Neither man was seen as a particularly stronger leader (44 percent Bush, 47 percent Kerry), more negative (37 percent Bush, 36 percent Kerry) or more honest (43 percent Bush, 45 percent Kerry).
Perhaps because the debate topic focused on foreign policy—and largely was dominated by the war in Iraq—that issue rates higher as a voter concern than it did a month ago. Twenty percent of all voters say Iraq is the issue that will most determine their vote, up from 15 percent. Tied with Iraq is the economy (21 percent), and still leading the list is terrorism and homeland security (26 percent). And key for the president is the fact that he is the preferred man on the issues more important to voters. On homeland security, Bush is preferred 52 percent to Kerry’s 40 percent (a significant spread, but a narrowing one: Last month the spread, in the president’s favor, was 58 percent to 34 percent). On Iraq Bush is preferred 49 percent to 44 percent (compared to 54 percent versus 39 percent a month ago). Kerry is even with the president on the question of which man is better suited to guide foreign policy in general (48 percent Bush to the challenger’s 46 percent) and clamping down on the proliferation of nuclear materiel (47 percent Bush, 43 percent Kerry).
Source: Newsweek/Ipsos poll. Margin of error: +/- 4; totals may not equal 100 due to undecideds. Note: Question wording slightly modified. Question wording for trends prior to 7/8-9/04 did not include vice presidential candidates’ names.
Where Kerry clearly leads is on domestic issues, which will be the focus of the third debate on Oct. 13, in Tempe, Ariz. The Democrat is preferred to Bush by double-digit spreads on who would be better at handling the economy (52 percent to 39 percent), foreign competition (54 percent to 36 percent) and health care (56 percent to 34 percent).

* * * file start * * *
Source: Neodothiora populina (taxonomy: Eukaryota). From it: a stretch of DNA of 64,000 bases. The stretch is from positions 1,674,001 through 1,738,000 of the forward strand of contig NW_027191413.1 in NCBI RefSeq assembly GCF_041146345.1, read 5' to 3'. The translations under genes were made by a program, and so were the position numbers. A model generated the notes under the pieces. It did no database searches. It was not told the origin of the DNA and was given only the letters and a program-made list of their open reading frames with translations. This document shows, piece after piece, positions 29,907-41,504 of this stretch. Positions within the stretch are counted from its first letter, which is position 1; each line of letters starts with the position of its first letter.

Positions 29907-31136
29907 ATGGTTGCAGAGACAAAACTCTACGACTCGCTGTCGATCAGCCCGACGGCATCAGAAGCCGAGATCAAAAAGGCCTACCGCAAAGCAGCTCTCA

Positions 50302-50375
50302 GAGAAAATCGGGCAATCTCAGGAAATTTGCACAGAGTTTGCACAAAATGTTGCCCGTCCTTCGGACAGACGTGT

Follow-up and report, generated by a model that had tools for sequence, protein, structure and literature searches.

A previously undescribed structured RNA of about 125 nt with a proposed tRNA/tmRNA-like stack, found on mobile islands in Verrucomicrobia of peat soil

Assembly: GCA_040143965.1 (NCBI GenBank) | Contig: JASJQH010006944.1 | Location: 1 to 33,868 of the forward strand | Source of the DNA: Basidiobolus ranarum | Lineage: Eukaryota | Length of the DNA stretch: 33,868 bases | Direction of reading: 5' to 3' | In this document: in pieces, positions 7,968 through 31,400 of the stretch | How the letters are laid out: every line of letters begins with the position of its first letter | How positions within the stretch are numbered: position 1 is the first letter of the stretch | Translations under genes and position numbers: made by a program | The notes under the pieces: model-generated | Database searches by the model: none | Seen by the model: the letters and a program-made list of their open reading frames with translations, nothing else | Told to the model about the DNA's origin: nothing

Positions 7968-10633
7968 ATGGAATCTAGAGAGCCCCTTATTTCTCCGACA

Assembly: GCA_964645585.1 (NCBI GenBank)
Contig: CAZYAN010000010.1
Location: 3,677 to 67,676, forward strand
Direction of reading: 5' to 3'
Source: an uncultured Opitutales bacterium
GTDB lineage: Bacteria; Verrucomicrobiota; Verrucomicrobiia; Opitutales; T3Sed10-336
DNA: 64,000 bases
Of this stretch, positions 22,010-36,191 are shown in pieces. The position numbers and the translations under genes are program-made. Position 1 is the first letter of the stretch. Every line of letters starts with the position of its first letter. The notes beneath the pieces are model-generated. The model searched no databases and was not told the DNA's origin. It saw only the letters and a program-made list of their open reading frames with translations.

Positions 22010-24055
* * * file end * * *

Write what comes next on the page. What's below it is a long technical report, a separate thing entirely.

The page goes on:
Although the subject of the draft was only briefly addressed during the debate, four in ten voters (38 percent) believe that because of the war in Iraq—which 50 percent of all voters now view as unnecessary—a second Bush administration would reinstate the draft. Just 18 percent feel the same would happen if Kerry were elected. Nearly two thirds (62 percent) feel a draft should not be considered at this time and 28 percent said a draft should at least be considered. But only 46 percent feel going to war was the right decision in the first place with just as many (45 percent) under the impression that the administration deliberately misled the nation into war with falsified evidence of weapons of mass destruction.
Finally, echoing a recurring refrain of Kerry’s, more than half of all voters (51 percent) think the Bush administration has not done enough to engage other nations (43 percent feel they have done enough or even gone too far in that direction as it is).
For the NEWSWEEK poll, Princeton Survey Research Associates interviewed 1,013 registered voters aged 18 and older between Sept. 30 and Oct. 2 by telephone. The margin of error is plus or minus 4 percentage points.